At the individual junction level, Rik makes some good points.

The Dutch in general do 1 of 3 things with junctions depending on the type of road:

On an access road, they eschew explicit priority all together and go with the default give way to the traffic from the right. This means no markings and vehicles have to travel slowly so as to keep an eye out for turning traffic.

On distributor roads where there is no always enough room for full segregation, bikes (and peds) and motors will get a simultaneous green for going straight on, but also allow left/right turns to be made at any point from a single motor traffic lane (no dedicated turning lanes). Motors crossing the cycleway/footway crossing are expected to give way and this is often enforced by markings (sharks teeth/elephants feet, zebra). The cycleway/footway is either bent away from the junction to physically separate it from the roadway and create a waiting space, or is it bent towards the roadway (if space is limited) to place the cyclist/pedestrian in to direct line of sight of the turning driver (this is not so good for HGV left hook but then the Dutch have HGV bans). http://pedestrianiselondon.tumblr.com/post/52244534872/small-traffic-con...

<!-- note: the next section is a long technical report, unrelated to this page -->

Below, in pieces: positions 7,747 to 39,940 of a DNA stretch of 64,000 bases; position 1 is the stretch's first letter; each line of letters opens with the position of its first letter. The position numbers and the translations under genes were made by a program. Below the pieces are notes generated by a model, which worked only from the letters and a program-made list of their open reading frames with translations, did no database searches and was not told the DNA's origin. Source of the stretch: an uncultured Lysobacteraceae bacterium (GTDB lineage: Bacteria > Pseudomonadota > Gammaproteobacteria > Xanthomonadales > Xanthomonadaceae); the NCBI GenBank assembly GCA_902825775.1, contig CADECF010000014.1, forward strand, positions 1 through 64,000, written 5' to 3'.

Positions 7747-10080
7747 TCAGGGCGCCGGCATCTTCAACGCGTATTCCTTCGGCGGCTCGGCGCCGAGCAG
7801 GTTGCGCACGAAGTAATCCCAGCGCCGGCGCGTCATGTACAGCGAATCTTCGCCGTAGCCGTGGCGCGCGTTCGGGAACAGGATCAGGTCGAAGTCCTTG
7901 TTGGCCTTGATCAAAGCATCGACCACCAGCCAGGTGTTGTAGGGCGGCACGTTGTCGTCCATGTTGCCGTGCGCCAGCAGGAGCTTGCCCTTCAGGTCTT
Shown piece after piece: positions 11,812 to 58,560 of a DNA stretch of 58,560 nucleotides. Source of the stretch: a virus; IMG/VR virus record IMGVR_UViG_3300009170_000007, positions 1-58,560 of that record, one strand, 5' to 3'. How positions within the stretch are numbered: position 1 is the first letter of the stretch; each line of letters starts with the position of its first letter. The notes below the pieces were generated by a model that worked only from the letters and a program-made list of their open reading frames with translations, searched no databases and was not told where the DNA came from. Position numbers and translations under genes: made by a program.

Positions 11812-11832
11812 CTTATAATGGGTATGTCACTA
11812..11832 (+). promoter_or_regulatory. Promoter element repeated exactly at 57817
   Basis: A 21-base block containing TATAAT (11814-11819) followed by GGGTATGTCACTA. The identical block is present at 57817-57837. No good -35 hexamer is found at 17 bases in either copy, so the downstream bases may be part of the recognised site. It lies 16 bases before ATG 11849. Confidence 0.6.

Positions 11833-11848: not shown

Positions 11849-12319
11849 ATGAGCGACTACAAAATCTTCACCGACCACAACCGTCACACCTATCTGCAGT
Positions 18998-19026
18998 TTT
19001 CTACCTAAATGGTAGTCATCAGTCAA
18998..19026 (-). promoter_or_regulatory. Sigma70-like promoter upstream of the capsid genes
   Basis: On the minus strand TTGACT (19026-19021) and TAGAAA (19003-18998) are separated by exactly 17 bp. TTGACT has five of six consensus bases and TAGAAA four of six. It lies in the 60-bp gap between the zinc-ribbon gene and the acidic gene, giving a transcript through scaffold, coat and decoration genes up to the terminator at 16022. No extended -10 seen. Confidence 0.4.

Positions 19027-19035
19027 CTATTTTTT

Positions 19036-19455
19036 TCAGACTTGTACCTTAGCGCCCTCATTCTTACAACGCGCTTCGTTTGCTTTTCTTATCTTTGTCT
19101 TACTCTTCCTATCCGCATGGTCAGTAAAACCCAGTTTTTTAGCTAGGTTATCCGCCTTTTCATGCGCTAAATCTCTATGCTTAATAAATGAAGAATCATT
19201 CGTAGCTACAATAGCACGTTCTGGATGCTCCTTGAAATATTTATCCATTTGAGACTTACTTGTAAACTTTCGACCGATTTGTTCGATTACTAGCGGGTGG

On through roads where there is more space, full segregation and separate turn lanes/stages are used. Turning motors are held at red if bikes are detected in the cycleway (via a induction loop).http://pedestrianiselondon.tumblr.com/post/27284356735/traffic-controlle...

Typically, bikes only need a very short dedicated stage (depends on circumstance of course) as 1) junctions are far apart so cyclists won't come across many so waiting isn't so big a problem and induction loops can be used to give priority when needed 2) bikes are much quicker at crossing a junction from a stop than motors are. So you can do a straight on stage for all, then after 6-10 seconds if no more bikes are detected, show red to the cycleway and start the motors left turn stage.

Rik's description of having all turns going at once is going to be very problematic. It is not legal in the UK to have such a set up. When shown a green arrow (filter arrow), unlike the green ball (standard green traffic signal) vehicles have absolute right of way when making that turn. Having a potential conflict with traffic turning from the opposite direction would not be allowed, even where there are two exit lanes. This is why the approach of having dedicated turn lanes and 4 stages as I have described I think is preferable, if not as efficient. Also Rik's design leaves no time for pedestrians to cross unless you have an all directions red for motors/bikes (or allow motors to turn through a green man which is not legal).